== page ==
Our roots are growing and we’re managing not to cut down the trees.

Ritualist beauty. Holistic treatments. Indi-Beauty. Marma therapy. Dadima ke nuske (grandma’s remedies). These are all terms for the ancient art of Ayurveda, roughly translating from Sanskrit to mean “knowledge of life” .Originating over 5,000 years ago in India, making it the oldest practiced health system in the world.

The World Health Organisation (WHO) defines Health as: a state of complete physical, mental and social well-being and not merely the absence of disease or infirmity. This is not dissimilar to the fundamental teachings of Ayurvedic medicine which focuses on a holistic approach that pays equal importance to the body and mind. Think herb-based diet but also meditation. Its ancient principles are all centred around mindfulness – fully immersing oneself in an experience whether that be eating where you think about the smells and the texture, or yoga where you acknowledge every muscle in your body.

This new wave of ancient healthcare has developed in the West, with second generation immigrants sharing the secrets passed down from their great-grandparents.

We could actually attribute this swell in nature-based beauty products to Swami Ramdev’s (who may or may not be a con artist like many of his guru predecessors and is up for debate) Patanjali in 2006. His line of products disrupted the market by providing cheap and not-very-pretty ayurvedic products, leaving a gap for upmarket brands without the luxury price tag for the middle-class millennials.

One could even say there is an aura of romanticism surrounding ‘slow beauty’ in the West because of the exoticness and mysticism surrounding Indian beauty traditions. Some of the most common beauty rituals that I would definitely agree are in every brown girl starter pack include amla (Indian gooseberry) oil hair massages, turmeric face masks and putting ginger in pretty much everything you eat/drink. I’ve highlighted a few of my favourite UK founded small businesses, grounded in the practice of Ayurveda.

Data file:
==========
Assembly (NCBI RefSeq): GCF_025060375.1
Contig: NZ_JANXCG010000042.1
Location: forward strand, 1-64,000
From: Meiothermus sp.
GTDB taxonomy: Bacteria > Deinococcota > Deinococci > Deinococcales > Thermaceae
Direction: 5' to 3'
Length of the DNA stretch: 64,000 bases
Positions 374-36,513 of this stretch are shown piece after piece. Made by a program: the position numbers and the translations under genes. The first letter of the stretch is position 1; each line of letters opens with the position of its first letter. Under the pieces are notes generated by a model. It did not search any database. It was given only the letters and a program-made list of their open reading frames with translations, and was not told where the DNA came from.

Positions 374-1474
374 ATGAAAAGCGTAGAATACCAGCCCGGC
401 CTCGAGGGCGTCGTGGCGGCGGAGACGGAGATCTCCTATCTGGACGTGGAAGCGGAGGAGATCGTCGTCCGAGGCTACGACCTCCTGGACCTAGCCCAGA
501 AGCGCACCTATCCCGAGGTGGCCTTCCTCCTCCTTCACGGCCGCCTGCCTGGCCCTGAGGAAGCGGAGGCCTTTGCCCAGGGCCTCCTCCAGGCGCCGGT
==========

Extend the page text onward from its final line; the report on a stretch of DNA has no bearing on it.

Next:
These brands are all about using ingredients that are 100% natural, ethically sourced and plant-based. They believe that the healing power of nature is the most powerful remedy. Many of their ingredients are commonly found in Indian cooking such as turmeric, cumin and carom seeds. As the co-founder of First Water Solutions, so simply puts it, “Why feed your skin what you won’t eat”.

However, tapping into the latest trend is not the only challenge for these entrepreneurs.

With large beauty companies coming under scrutiny on how eco-friendly their production line is (check out my blog on ‘greenwashing’) and are forced to pivot, new start-ups can’t afford to ignore sustainability. Furthermore, as governments across Europe put in place tougher climate change mandates, joining the sustainability revolution has become less of a trend and more of a requirement. Founders must do more than just include environmental values in their brand book, but must show investors that sustainability is an important pillar of their business model with a plan on how this adapts with growth. Consumers are demanding transparency on companies’ end-to-end environmental impact. A UK survey (Source: GlobalWebIndex 2020-2021) of people aged 16-34 indicated that 57% would pay more for an eco-friendly product and over half expect ethical credentials from luxury items. To add a generation lens, they were also 24% more likely than the rest of the UK population to buy more from sustainable brand post COVID. Not only this but start-ups are looking to only work with distributors that align with the environmental values as bad partnerships could easily blemish their reputation.

It must be said that younger generations creating small businesses that tap into their rich heritages and are also clean and conscious is something to be proud of. At last we are listening to our ancestors by learning from nature rather than destroying it.

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